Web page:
A really nice list of journals software/data release policies from Titus’ blog. Interesting that he couldn’t find a data/release policy for the New England Journal of Medicine. I wonder if that is because it publishes mostly clinical studies, where the data are often protected for privacy reasons? It seems like there is going to eventually be a big discussion of the relative importance of privacy and open data in the clinical world.
Some interesting software that can be used to build virtual workflows for computational science. It seems like a lot of data analysis is still done via “drag and drop” programs. I can’t help but wonder if our effort should be focused on developing drag and drop or educating the next generation of scientists to have minimum scripting capabilities.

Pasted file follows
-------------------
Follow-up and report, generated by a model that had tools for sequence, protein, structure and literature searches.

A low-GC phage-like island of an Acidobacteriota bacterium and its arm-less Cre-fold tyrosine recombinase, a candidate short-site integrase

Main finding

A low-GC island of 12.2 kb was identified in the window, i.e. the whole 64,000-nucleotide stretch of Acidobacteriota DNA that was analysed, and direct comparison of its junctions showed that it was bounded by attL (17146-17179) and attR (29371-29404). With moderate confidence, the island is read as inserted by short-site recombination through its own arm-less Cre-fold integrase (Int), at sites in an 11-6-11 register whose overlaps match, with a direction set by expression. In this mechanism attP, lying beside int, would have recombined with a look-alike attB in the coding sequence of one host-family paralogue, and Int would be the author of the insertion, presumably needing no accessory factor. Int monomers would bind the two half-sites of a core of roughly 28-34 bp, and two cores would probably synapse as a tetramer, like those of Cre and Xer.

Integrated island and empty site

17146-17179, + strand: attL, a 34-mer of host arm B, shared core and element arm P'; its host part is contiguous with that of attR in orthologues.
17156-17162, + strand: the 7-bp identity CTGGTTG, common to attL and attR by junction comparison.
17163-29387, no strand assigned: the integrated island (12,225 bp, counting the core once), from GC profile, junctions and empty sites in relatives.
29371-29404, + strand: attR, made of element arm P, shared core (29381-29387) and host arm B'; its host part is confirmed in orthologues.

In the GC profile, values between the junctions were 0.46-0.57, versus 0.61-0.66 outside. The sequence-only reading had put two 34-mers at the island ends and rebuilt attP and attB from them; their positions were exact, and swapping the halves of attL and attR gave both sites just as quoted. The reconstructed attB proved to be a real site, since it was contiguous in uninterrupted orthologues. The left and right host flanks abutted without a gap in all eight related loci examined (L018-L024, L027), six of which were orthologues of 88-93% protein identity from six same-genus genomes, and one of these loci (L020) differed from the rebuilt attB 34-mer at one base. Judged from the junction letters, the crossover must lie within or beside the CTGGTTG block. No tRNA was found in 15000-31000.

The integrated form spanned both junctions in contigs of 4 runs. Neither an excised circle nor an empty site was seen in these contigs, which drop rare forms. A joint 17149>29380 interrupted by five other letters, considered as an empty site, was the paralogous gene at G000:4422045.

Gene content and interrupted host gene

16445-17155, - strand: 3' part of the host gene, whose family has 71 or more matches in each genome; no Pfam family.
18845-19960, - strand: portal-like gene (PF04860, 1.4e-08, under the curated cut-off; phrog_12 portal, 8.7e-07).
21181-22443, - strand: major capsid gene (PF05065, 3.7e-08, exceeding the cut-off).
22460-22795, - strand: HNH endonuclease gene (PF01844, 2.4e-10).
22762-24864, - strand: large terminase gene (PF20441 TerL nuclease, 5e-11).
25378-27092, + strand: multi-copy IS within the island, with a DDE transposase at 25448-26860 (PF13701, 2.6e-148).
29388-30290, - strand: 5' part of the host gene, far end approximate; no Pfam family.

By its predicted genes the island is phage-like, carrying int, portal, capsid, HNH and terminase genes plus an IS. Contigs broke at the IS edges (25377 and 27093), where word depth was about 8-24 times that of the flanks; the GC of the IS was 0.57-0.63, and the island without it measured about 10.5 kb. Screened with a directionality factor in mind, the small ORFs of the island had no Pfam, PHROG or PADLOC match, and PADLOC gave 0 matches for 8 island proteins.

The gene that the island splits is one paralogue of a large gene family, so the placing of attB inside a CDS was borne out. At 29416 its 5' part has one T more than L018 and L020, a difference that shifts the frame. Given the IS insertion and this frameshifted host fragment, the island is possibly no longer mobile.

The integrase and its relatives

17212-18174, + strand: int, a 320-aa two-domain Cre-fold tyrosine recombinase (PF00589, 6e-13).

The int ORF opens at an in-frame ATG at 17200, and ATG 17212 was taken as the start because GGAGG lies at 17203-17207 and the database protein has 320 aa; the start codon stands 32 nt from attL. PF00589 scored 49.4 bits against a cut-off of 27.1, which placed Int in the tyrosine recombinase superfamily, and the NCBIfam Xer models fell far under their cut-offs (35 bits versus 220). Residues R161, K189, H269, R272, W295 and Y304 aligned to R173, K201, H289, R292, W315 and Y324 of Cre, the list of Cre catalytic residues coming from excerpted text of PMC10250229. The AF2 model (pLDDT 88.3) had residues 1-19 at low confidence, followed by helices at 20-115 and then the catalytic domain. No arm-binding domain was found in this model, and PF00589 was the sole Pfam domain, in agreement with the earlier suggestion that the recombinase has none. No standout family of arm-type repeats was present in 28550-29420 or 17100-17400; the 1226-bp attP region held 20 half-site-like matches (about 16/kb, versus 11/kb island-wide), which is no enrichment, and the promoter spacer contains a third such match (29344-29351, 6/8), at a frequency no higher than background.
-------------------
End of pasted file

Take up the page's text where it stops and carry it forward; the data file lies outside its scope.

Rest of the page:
A really nice post on processing public data with R. As more and more public data becomes available, from governments, companies, APIs, etc. the ability to quickly obtain, process, and visualize public data is going to be hugely valuable.